Land tax hikes as the absentee surcharge rises in Queensland

Following the recent announcement by the Palaszczuk government that the absentee surcharge in Queensland will rise to 2.0% from 1.5%, experts consider the potential impact on the local property market.

Land tax hikes as the absentee surcharge rises in Queensland
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As of July 1st, 2019, land taxes for foreign investors in Queensland has risen.   The absentee surcharge has been lifted to 2.0% from the previous level of 1.5% by the State Government.

When the Queensland State Treasurer handed down their latest budget, of particular note for property investors was a change to the absentee surcharge.

The absentee surcharge is effectively a tax on any investors not holding Australian Citizenship or a Permanent Residency Visa if the value of their taxable land is $350,000 or higher.

SMATS Group Executive Chairman, Steve Douglas was disappointed in the move by the Palaszczuk government as he fears it could drive away much needed foreign investment dollars.

""Many owners are already feeling aggrieved with the high land tax from the combination of lifting values and the new surcharge, so this will be very unwelcome,"" said Mr. Douglas.

Prudentia Legal Principal, Fei Wang expressed his concern in the decision believing that the tax hike may deter foreign investment.

""Queensland attracted significant numbers of foreign investors in the residential market over the past several years, especially during 2013 -2015, as Queensland is a very popular tourist destination for international visitors.

""Simply increasing the surcharge may push foreign investors further away and place existing investors in a more difficult situation,"" said Mr. Wang.

Weighing in on the debate, prominent Brisbane buyers agent, Melinda Jennison suggests that reduced demand from this sector may impact the inner city market; however, believes it is unlikely to be significant.

""The number of absentee landowners in Queensland is the greatest on the Gold Coast and Inner City Brisbane, followed by areas on the Sunshine Coast and South Brisbane.""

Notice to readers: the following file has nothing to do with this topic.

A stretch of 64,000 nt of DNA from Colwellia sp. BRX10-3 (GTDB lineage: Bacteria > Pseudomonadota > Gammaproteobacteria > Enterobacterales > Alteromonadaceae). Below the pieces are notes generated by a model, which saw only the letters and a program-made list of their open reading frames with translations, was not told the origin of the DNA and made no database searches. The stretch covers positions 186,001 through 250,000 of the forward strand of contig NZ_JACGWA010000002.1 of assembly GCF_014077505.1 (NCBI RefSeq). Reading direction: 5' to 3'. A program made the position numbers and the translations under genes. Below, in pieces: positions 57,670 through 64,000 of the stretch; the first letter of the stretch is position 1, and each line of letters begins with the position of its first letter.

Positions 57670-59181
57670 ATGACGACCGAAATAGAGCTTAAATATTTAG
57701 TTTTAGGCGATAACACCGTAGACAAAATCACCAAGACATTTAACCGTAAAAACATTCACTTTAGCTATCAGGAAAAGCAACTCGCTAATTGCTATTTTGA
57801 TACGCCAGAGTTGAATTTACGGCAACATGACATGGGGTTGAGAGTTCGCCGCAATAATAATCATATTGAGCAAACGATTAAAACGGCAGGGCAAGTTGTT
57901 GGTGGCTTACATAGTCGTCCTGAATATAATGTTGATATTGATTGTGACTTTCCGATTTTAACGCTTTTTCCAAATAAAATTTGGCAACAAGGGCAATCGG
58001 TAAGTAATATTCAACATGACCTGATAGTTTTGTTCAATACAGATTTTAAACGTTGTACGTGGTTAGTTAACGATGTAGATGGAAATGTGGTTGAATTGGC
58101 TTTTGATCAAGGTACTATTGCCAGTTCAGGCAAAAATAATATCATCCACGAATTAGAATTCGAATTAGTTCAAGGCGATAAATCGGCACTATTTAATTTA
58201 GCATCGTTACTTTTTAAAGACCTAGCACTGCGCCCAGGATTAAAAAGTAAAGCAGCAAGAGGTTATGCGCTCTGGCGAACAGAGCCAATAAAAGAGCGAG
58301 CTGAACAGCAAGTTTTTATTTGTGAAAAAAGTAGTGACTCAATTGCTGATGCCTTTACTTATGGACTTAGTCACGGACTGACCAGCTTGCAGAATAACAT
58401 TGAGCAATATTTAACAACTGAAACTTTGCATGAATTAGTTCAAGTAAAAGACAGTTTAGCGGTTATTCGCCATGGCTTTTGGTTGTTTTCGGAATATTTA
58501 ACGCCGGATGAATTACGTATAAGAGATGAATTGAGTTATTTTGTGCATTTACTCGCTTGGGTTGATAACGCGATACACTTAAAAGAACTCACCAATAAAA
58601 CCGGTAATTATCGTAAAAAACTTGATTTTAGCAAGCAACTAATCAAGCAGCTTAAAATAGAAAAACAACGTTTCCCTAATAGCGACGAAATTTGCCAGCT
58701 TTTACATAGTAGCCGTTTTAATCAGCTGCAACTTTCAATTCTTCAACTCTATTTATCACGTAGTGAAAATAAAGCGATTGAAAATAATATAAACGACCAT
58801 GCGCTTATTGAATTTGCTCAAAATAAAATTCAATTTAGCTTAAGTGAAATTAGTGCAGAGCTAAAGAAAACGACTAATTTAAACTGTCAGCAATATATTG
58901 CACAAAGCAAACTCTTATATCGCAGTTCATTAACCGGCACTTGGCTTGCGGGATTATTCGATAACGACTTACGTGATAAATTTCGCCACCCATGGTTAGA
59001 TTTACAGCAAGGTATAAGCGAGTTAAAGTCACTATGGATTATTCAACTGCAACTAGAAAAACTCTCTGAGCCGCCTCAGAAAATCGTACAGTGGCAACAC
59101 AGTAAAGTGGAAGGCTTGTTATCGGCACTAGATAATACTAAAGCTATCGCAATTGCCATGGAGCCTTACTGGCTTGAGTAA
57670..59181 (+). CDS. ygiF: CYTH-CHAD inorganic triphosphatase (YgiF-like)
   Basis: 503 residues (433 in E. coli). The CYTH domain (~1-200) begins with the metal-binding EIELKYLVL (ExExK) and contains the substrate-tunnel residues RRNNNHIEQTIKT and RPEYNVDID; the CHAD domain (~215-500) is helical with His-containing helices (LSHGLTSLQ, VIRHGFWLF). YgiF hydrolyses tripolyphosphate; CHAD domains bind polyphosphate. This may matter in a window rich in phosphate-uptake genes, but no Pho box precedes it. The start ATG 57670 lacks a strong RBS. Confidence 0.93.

""These areas are dominated by higher density development.  In the Brisbane market especially, we have seen a softening of prices in the inner city unit market over recent years due to oversupply, and these new announcements will certainly impact on an 'investor's net yield, which will likely impact on some foreign 'owner's investment return.  

""It is possible that this may have a further flow-on effect in the inner city unit market, although there is growing demand in these areas due to accelerating population growth,"" said Mrs. Jennison.

Mr. Wang suggests that a wiser reform could see the Queensland government impose a vacant residential land tax (as named in Victoria), instead of increasing the absentee surcharge.

""The focus should be on whether the property has been put on the rental market, and the deterrent should be directed towards those not doing so. 

""Lowering or abolishing the absentee surcharge while imposing a vacant 'penalty' may be helpful for a healthier rental property market and a stable and more confident second-hand property market,"" said Mr. Wang.

For those potentially impacted by the changes, Mr. Douglas suggests you check your current legal requirements carefully but still believes there is further upside in the Queensland market despite the higher surcharge.

""We remain confident, however, that the Queensland market seems set for some improved performance in the near future, largely on the back of an upswing to the population growth.""


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